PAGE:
cancer, kids with three heads, or any other scare stories. If the bugs
are thick, I wear long pants and sleeves, and use the strong stuff on the
small areas remaining. If I'm going to DEET large areas of legs and
arms, I use 25%, or 50% tops. The kids never get more than 25% except on
small exposed areas, when they get 50%. DON'T get it in your eye, it can
destroy your cornea.
For ticks, permethrins are more effective than DEET. There are
repellants on the market which combine the two, but I don't know of any
permethrin-only repellants. Permethrins are quite safe. They don't
impress skeeters or blackflies at all.
There are still some scarce repellants which use n-hexanol, an alcohol.
It's about as effective as skin-so-soft, with little evidence of toxicity.
No repellants are particularly effective against deerflies. Many people
confuse deerflies with blackflies; blackflies are quite small though
(4-6mm long), whereas deerflies are about the size of houseflies.
Hope that treatise helps -Lee
Lee Green MD MPH
Dept Family Practice
University of Michigan
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From: Steve Harris <email@example.com>
Subject: Re: DEET Products Questions
Date: 4 Jul 2005 14:20:34 -0700
>>Have a friend who is lactose intolerant, and as a result apparently emits a
higher level of CO2 than most folks while exhaling. <<
LOL. Unless you see mosquitos congregate in the region of his anus, I
don't think you blame lactose intolerance.
Mosquitos sense CO2 and a wide variety of other chemicals. But the
amount of CO2 you make from normal energy metabolism is gigantic and
unchangable, except by things which slow your metabolic rate (like
holding still and keeping warm so you don't shiver). It's easy to keep
warm, but holding still just makes you a better mosquito target. Forget
DEET acts by blocking a variety of receptors on mosquito antennae.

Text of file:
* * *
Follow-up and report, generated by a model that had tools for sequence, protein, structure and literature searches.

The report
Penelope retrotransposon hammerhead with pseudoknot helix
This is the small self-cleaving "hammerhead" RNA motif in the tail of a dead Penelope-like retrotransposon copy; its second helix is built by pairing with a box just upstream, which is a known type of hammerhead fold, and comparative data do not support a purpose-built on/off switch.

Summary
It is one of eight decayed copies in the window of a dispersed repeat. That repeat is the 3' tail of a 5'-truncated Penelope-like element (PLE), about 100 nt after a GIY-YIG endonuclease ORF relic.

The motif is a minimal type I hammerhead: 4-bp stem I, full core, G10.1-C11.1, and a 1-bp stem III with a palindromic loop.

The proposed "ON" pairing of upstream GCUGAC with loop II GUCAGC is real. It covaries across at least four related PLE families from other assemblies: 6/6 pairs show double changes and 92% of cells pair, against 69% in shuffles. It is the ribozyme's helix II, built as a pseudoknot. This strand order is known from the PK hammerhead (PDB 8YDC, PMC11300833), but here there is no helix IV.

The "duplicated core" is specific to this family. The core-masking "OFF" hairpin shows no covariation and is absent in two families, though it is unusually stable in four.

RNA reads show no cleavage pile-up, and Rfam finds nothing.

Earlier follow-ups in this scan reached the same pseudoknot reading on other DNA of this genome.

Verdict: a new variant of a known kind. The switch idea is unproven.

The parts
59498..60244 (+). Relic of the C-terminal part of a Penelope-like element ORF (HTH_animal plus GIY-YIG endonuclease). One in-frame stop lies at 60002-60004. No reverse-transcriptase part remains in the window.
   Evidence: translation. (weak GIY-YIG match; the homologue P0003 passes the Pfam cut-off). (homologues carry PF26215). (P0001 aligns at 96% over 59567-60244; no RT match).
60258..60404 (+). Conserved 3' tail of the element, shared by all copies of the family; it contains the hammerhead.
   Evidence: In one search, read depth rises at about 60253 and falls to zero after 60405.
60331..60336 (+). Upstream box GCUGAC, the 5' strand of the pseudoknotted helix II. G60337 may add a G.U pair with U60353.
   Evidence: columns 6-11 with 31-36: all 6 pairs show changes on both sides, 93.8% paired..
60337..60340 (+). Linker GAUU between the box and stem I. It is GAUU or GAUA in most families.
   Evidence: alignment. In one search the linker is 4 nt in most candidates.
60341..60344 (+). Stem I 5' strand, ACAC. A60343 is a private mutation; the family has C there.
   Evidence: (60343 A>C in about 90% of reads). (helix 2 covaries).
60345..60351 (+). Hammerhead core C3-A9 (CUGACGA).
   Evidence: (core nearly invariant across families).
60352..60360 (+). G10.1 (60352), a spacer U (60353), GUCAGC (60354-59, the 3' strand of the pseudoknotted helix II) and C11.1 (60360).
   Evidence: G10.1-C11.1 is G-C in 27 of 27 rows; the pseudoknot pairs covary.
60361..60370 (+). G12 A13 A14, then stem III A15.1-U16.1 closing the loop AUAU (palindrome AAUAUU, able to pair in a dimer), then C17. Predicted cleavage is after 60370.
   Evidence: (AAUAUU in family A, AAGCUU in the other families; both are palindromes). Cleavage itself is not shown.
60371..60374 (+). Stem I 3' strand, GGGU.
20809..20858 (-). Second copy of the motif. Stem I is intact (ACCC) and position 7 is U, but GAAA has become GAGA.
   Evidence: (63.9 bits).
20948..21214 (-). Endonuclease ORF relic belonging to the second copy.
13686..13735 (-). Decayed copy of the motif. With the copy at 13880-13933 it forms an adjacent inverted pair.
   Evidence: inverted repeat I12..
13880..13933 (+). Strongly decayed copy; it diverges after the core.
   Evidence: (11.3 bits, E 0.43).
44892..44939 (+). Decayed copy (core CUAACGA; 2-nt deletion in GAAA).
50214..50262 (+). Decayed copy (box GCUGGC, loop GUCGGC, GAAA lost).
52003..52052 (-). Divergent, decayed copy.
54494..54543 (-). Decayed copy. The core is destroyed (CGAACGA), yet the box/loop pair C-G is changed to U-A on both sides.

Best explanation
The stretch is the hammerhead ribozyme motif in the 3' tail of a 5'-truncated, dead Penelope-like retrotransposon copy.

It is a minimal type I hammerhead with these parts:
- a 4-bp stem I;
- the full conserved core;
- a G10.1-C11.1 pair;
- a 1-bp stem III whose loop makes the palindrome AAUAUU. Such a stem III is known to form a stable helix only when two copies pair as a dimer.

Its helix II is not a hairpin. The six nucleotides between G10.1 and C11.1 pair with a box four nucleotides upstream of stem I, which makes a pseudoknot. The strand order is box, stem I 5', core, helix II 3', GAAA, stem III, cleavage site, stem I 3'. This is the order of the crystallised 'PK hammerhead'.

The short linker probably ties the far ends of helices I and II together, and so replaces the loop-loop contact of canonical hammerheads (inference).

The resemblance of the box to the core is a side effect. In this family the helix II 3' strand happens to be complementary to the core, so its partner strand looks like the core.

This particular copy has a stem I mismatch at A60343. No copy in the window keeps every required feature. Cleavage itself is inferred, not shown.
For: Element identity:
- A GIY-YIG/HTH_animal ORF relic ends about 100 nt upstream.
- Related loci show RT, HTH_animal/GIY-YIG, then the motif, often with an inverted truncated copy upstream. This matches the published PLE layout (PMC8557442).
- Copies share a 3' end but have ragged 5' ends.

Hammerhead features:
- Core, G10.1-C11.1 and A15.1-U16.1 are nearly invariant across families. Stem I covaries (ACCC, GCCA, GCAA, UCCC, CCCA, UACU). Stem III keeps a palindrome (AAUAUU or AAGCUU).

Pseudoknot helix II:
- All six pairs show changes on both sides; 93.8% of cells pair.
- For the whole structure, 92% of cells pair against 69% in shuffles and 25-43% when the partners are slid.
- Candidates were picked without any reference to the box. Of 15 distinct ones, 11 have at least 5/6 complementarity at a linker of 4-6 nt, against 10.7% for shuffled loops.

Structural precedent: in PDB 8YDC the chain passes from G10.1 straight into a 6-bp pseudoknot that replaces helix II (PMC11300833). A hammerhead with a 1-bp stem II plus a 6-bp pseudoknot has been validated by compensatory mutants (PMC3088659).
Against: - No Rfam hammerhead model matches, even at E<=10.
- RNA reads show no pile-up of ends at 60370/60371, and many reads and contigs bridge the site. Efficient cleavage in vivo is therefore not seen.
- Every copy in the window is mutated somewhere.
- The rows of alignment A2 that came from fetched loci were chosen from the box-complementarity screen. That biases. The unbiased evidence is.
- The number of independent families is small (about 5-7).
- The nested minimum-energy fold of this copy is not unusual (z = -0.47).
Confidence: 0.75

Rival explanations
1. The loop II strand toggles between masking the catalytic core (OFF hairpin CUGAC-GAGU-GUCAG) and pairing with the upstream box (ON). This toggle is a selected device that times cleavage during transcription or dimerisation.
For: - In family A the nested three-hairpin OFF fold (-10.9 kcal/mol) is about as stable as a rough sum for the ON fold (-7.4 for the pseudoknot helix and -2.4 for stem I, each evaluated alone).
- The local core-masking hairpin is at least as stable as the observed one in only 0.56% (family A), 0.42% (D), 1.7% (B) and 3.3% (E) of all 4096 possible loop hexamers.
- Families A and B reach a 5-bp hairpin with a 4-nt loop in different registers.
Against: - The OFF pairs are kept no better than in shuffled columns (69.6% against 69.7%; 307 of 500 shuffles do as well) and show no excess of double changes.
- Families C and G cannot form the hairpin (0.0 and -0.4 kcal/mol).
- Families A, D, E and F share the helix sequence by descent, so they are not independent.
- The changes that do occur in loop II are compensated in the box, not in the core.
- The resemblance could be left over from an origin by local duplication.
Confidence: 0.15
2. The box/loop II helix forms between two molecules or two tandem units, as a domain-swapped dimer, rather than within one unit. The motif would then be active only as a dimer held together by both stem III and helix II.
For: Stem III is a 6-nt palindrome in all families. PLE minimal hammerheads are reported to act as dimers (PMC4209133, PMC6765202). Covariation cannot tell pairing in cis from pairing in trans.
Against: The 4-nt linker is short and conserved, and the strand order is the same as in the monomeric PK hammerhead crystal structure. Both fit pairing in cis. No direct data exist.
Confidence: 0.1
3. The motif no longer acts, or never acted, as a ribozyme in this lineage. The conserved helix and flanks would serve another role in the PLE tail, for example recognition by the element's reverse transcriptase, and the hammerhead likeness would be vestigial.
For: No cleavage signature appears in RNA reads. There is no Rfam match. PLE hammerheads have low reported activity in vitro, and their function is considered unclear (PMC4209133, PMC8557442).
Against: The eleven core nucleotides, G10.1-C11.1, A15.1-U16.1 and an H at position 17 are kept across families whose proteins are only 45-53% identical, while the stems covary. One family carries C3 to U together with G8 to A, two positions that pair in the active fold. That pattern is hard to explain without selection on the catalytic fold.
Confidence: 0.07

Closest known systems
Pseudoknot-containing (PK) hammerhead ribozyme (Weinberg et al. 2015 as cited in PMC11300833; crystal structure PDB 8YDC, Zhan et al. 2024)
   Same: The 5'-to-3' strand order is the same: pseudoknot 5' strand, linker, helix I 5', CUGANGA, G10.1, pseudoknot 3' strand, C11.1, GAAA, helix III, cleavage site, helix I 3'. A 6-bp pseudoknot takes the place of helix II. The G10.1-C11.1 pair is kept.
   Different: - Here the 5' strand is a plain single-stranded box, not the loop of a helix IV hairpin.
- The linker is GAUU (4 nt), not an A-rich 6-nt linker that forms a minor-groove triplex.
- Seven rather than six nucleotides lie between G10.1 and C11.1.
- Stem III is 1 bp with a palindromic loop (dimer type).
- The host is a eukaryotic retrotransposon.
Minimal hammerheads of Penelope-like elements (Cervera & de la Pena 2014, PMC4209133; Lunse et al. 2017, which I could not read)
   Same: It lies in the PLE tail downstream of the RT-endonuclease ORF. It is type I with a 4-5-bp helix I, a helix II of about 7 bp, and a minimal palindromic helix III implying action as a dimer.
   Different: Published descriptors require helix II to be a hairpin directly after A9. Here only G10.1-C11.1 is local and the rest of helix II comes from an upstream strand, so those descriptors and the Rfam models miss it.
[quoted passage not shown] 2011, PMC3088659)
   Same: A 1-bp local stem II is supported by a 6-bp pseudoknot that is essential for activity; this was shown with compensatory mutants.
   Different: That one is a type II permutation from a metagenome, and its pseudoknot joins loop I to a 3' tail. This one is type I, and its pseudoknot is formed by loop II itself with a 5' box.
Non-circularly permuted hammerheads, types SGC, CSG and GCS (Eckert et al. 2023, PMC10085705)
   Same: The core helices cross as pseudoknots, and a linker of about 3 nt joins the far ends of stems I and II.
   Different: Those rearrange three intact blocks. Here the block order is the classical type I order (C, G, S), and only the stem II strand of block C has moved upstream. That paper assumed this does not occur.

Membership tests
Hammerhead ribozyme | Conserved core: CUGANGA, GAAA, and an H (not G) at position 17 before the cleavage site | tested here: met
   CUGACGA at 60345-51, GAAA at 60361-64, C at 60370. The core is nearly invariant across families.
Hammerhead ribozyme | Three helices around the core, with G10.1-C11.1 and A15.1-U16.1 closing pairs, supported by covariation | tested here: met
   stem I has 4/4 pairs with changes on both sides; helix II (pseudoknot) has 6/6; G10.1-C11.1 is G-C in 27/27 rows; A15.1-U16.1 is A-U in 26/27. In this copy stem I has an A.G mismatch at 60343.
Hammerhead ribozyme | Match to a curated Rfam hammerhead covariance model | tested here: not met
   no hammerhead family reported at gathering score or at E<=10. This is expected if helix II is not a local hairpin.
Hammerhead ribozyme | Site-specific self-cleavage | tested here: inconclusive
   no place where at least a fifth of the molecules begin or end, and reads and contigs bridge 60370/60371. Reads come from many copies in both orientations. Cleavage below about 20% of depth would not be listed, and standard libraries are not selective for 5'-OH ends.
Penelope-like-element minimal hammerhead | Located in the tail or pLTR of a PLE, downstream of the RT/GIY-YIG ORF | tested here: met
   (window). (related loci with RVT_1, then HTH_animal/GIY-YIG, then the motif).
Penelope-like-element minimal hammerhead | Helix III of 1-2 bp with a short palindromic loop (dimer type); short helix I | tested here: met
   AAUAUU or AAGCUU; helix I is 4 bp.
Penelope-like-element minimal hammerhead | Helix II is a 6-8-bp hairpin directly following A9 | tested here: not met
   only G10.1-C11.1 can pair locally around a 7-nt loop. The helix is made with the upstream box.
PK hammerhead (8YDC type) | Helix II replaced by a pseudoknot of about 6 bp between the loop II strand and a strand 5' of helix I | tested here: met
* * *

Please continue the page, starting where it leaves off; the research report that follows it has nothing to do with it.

Picaridin products work probably the same way, and is another repellent
recently recommended by the CDC. Lemon eucalyptus oil also works, and
David Wright indicates, but we don't know how.
DEET is still the best of the scientifically tested repellents. DEET
safety issues remain, but mostly in pediatric use.
J Med Entomol. 2004 May;41(3):414-7.
Field evaluation of repellent formulations containing deet and picaridin
against mosquitoes in Northern Territory, Australia.
Frances SP, Waterson DG, Beebe NW, Cooper RD.
Australian Army Malaria Institute, Gallipoli Barracks, Enoggera,
Field efficacy of repellent formulations containing picaridin
(1-methyl-propyl 2-(2-hydroxyethyl)-1-piperidinecarboxylate) or deet
(N,N,-diethyl-3-methylbenzamide) against mosquitoes in Northern
Territory, Australia, was evaluated. The following repellent treatments
were evaluated: 19.2% picaridin (Autan Repel Army 20), a solution of 20%
deet in ethanol, and 35% deet in a gel (Australian Defense Force [ADF]).
The predominant mosquito species were Culex annulirostris Skuse (57.8%),
Anopheles merankensis Venhuis (15.4%), and Anopheles bancroftii Giles
(13.2%). The protection provided by repellents against Anopheles spp. was
relatively poor, with 19.2% picaridin and ADF deet providing >95%
protection for only 1 h, whereas 20% deet provided <95% protection at 1 h
after repellent application. In contrast, the repellents provided good
protection against Cx. annulirostris, with 19.2% picaridin providing >95%
protection for 5 h and both deet formulations providing >95% protection
for 7 h when collections ceased. This study provides additional field
data showing tolerance of Anopheles spp. for repellents. The response of
field populations of Cx. annulirostris, an important vector of
arboviruses in Australia, to repellents containing deet and picaridin is
reported for the first time.
PMID: 15185943 [PubMed - indexed for MEDLINE]